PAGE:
It is rare, but not impossible for me to anticipate any GOP moves, having partially grown up in a spatial juxtaposition that is now facing the nation.
First, I left home at sixteen and ran away to Congress, winning an essay contest that gained me entrance into the now defunct Congressional Pages on the GOP side. (No Democrat ever won this seat). But, second, I spent more of my life in Santa Barbara, or SB for short, which abuts the county of Kern, and was my parents choice, wanting to be near family in Weedpatch as well as Bakersfield and the Valley in Los Angeles, which also abuts Kern County which is now represented by the wanna-be Speaker of the House good ole’ or the honorable Kevin McCarthy.
Why honorable? Well we were trained to all all members of Congress honorable, not because we didn’t want to engage in a bracing heated argument or better yet, watch the members do, before and during debates.
What I’m getting at is everything in California is not as cut and dried as members of Congress representing SB, Kern, or any district within LA would like to admit. Nor is American foreign policy. Here, though this summer I got lucky.
Visiting Albania, which I told my travel companions was the North Korea of Europe — being so isolated and dominated by the totalitarian state. What is more, I called attention to the fact that a former Vice President (Pence) was in the country to none other than my husband’s political magazine — the National Review. They had invited or X us to write partisan pillow talk or dinner table discussions, all of course respectful or our own version of honorable that we practice when articulating our ideas about all sides of American domestic and foreign policy, whether it be from the left or the right.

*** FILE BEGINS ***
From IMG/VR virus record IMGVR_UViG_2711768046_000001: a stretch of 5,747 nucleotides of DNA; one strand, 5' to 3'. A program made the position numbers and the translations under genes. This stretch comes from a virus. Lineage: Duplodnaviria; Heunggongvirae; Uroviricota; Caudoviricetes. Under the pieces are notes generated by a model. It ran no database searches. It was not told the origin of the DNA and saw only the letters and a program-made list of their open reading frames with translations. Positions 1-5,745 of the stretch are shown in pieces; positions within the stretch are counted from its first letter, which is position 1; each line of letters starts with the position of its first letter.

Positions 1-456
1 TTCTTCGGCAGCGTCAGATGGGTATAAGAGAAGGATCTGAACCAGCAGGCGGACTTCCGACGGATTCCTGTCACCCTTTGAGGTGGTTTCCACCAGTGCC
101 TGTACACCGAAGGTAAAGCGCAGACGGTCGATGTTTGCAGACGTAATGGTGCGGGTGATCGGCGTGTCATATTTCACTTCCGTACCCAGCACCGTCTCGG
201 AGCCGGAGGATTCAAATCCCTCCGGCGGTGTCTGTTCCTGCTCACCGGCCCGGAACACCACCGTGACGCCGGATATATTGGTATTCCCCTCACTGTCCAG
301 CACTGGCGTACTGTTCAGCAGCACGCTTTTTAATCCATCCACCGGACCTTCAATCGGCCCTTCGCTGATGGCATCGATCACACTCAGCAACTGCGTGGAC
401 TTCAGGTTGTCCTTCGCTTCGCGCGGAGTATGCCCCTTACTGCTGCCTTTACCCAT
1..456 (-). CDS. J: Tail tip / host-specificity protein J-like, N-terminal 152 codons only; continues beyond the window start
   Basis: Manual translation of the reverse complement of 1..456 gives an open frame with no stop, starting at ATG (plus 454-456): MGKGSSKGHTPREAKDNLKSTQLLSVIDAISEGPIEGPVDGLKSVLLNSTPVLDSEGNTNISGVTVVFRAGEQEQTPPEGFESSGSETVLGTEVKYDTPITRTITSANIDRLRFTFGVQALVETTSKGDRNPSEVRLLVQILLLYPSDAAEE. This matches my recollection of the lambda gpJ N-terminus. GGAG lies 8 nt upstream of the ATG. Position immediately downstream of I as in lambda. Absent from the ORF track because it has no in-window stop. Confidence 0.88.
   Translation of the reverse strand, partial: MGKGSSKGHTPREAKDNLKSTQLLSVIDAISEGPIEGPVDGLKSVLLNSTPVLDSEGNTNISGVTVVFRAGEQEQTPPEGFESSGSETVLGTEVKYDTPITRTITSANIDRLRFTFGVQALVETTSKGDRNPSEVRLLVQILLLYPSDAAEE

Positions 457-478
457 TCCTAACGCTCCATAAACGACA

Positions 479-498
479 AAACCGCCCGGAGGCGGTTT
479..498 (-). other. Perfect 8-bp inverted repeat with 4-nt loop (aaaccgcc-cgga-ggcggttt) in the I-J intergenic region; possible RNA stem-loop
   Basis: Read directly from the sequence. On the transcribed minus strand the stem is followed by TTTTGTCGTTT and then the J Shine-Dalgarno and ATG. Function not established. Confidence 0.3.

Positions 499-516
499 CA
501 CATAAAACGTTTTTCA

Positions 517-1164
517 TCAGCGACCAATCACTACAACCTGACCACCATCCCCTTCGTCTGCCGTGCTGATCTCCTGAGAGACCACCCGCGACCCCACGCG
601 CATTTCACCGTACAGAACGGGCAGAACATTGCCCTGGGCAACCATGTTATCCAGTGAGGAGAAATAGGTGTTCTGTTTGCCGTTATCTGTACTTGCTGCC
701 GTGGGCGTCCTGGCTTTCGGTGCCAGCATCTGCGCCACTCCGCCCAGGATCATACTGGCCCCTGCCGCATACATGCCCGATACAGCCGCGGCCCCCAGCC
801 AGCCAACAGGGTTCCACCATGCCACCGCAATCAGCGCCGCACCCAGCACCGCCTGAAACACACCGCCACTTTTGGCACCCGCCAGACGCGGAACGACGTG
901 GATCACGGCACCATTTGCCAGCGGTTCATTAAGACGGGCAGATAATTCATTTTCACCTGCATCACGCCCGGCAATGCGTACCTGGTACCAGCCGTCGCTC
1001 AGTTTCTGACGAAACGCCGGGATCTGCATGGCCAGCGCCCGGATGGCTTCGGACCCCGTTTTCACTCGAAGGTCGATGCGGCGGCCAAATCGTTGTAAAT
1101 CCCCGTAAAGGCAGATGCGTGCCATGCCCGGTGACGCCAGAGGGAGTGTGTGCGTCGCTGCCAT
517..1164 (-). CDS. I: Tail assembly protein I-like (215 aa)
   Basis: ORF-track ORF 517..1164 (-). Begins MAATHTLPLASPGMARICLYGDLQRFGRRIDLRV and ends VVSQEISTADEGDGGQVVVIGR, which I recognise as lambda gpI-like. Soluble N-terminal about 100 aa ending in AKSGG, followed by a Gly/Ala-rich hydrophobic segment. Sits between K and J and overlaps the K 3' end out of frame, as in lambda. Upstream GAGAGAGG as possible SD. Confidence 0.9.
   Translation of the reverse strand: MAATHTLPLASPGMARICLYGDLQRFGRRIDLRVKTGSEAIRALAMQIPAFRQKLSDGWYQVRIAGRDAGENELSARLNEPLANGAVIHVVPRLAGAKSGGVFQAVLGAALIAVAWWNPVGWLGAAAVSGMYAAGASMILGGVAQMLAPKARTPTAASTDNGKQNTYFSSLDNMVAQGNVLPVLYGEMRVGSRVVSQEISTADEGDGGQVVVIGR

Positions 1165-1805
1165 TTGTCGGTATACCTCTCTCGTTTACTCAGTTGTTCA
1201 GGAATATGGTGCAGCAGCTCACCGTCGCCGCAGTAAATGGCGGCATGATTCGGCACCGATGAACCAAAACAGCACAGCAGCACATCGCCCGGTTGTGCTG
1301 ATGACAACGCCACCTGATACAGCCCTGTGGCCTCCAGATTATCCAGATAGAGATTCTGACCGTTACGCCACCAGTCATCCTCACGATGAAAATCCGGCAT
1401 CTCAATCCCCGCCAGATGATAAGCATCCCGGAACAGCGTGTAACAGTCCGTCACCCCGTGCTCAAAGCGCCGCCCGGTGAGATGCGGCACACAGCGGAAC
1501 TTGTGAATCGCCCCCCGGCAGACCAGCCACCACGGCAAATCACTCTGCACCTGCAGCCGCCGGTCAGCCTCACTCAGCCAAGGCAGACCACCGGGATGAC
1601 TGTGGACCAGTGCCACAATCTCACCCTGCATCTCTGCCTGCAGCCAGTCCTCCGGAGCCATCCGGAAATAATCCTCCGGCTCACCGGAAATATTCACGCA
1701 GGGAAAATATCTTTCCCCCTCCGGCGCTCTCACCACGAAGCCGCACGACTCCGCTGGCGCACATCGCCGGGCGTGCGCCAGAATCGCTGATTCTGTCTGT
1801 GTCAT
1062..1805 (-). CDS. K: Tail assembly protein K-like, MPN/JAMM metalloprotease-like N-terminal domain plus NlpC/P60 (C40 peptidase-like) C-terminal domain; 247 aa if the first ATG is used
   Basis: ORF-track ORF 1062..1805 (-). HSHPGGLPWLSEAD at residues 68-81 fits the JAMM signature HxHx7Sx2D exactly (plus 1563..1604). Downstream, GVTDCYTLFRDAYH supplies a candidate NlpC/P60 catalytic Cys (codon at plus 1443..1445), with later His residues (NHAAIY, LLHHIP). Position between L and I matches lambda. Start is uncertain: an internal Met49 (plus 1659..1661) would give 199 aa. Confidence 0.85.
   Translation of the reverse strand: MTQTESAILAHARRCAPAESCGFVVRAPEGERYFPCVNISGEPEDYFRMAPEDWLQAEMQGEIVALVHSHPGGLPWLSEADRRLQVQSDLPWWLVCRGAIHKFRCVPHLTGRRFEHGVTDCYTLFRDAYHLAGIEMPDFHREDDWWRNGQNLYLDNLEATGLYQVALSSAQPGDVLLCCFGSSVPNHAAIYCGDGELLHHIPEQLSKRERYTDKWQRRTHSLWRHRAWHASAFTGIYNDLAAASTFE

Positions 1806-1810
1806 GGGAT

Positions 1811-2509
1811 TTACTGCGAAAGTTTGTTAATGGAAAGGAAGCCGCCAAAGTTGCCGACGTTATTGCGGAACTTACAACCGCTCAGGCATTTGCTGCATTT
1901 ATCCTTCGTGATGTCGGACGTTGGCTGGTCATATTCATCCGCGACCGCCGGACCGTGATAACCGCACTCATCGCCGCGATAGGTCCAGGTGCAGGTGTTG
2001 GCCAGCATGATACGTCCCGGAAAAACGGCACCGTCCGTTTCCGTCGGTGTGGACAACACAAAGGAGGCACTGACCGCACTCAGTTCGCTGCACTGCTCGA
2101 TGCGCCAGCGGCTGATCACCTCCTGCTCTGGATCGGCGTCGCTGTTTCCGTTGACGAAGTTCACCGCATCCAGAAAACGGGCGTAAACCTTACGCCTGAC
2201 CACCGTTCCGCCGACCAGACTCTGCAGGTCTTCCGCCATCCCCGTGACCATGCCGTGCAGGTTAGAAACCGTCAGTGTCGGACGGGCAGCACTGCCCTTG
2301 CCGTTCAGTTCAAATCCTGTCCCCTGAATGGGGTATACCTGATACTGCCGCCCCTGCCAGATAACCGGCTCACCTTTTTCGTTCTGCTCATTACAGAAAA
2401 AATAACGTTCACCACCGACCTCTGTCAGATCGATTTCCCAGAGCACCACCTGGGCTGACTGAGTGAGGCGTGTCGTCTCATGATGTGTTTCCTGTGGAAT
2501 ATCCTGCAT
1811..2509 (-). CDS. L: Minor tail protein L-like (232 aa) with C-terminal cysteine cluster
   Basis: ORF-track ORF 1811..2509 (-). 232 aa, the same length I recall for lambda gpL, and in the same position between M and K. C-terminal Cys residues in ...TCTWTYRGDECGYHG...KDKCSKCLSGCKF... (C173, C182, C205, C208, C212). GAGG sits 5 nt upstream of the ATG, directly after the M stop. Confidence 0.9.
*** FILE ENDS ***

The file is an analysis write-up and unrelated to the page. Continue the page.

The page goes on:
In fact, former CUNY Chancellor Matthew Goldstein, who was a gifted statistician told me on the ride to the floor at Hunter College where they were giving me a Disability Community Outreach Award that rarely went to CUNY faculty or staff-I quickly explained why I asked my husband, Frederic Halper O’Brien (née Schwarz) to wish off my two sons, who while they came in matching polo shirts that they purchased together just before no logo Target were 13 and 15 years old. It wasn’t that a Deputy Managing Editor of the National Review would make faculty nervous. Loads of CUNY political scientists have written for them before. CUNY has faculty who write about all aspects, left, right and center. No, it was the CUNY PR nightmare I witnessed upon my arrival to CUNY 18 years earlier — and that was Heather MacDonald’s dreadful racist book about the College on a Hill.
Indeed, in 2004 the State Department had me read it. I was appointed the Director of a Summer Institute for Fulbright, which brought in 18 professors and scholars appointed by their own countries. Only four were from Europe, the rest came from China, India, Tibet, Russia, Romania, and the Ukraine . . . and I introduced them to the 42 scholars in the United States that spoke about our theme “neos & isms” America as Empire the way Amy Kaplan, as a former President of American Studies viewed the U.S. of A.
I was to read MacDonald’s book the acting director of the cultural part of the State Department, now deceased, told me so that I could understand the real purpose behind Summer Fulbright institute I directed alone, after being solicited by Peter B. (not Beinart)
This meant I had to know the backstory. Backstory, I told this director, is my favorite part of the assignment whenever I direct or administer anything. To me, there is nothing better than knowing the long, complex functions of an institution that exists beyond one generation, at least. as we congressional pages were taught to call all members of Congress sitting on the left or the right or any party in between.
Being a far west Frick and a Penelope Stout returning over 380 years later the very county she and Richard receives a land grant from the Duke of York means there is lots of backstory and that’s why it has taken me so long to finish American neotribalism from my own app or American Political Perspective, not Perspectives took so long to unravel and unwind. As the author of New Netherlands wrote teaching a seminar at Baruch College said the only thing one knows about their own family’s lineage is you’ve got it all wrong.